Adobe Walls was a trading post begun by Dodge City, Kansas, merchants in March 1874. On the north bank of the Canadian River in present Hutchinson county, it served crews of Kansas buffalo hide hunters and skinners. The post consisted of two stores, a blacksmith’s shop, and a saloon. Both of the stores competed in the restaurant trade – lots of bones from butchered meat resulted.
Life for the traders and their customers changed dramatically on June 27, 1874. Before dawn, 200 Comanche and Cheyenne warriors descended on the post. At the end of the day, three whites lay victim to the attackers, while 13 Indians had fallen close to the stores. The battle had been a standoff.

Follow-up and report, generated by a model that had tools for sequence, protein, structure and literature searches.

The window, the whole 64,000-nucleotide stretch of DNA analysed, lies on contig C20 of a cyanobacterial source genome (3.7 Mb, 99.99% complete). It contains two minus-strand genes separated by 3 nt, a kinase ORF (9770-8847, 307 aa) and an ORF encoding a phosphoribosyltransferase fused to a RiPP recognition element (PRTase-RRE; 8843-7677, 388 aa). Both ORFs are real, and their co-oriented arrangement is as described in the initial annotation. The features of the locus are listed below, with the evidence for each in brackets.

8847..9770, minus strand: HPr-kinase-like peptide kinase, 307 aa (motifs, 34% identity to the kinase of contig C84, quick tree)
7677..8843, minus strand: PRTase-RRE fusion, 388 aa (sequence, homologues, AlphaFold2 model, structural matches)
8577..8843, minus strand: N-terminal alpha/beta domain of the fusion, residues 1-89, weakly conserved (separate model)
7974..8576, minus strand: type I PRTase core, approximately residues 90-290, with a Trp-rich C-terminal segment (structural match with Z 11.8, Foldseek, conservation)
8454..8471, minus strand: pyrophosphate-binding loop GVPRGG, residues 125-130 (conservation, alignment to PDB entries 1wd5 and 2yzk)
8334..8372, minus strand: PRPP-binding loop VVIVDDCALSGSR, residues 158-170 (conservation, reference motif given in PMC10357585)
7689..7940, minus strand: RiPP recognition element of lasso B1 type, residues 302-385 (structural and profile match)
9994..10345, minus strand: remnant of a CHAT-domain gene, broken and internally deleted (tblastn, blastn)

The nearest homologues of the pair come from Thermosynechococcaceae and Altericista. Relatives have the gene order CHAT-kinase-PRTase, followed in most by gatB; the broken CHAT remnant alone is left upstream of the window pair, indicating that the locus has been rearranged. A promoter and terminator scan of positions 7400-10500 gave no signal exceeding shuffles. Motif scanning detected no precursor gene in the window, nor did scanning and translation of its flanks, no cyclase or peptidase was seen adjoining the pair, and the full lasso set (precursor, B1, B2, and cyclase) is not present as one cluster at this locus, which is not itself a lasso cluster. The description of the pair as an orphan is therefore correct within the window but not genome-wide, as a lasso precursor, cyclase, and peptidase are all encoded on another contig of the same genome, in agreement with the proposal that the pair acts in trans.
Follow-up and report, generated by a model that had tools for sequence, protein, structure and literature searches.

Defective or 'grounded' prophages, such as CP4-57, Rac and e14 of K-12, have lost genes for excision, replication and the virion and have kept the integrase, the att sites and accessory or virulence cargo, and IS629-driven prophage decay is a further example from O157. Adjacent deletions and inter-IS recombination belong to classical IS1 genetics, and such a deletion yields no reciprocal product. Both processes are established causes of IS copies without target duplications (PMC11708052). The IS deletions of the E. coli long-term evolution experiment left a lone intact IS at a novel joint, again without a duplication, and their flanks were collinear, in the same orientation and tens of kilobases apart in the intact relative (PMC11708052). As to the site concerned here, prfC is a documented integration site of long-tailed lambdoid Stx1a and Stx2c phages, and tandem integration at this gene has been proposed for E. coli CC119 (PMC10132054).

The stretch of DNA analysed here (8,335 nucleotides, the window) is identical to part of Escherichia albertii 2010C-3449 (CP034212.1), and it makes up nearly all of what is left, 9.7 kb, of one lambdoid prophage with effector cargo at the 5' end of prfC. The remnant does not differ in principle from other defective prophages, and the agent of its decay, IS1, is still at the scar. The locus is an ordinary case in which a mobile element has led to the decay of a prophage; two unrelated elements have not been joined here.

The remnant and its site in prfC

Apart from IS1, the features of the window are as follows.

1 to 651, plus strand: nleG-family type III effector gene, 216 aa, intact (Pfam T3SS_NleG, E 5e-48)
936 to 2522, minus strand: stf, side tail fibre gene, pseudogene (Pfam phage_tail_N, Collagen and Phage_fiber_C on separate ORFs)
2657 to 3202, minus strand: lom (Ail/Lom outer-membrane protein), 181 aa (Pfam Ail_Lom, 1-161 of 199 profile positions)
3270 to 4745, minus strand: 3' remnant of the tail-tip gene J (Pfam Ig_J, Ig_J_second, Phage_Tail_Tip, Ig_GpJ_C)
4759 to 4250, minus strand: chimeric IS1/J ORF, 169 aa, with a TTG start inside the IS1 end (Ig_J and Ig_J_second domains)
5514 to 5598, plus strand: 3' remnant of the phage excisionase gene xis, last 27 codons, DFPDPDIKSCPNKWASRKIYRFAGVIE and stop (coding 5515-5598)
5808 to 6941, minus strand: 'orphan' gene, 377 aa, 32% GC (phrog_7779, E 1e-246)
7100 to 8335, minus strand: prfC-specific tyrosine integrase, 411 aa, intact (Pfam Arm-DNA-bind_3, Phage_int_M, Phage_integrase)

The defenders buried their dead in a single grave. Later, the hardened frontiersmen cut off the heads of each of the fallen warriors to use them to decorate the gate leading into the hide yard. One of the hide men noted how the skin drew away from the eyes and mouths as it dried – and later declared they looked like they’d been laughing when their heads were cut off.
The warriors bones laid there, unrecognized for decades. But today they’re weathered away to white flecks, mixed with those from the buffalo that were butchered for meat.
When you look down at the white fragments on the brown earth, at adobe walls, look closely – can you tell? Do they come from humans of times past, or from buffalo?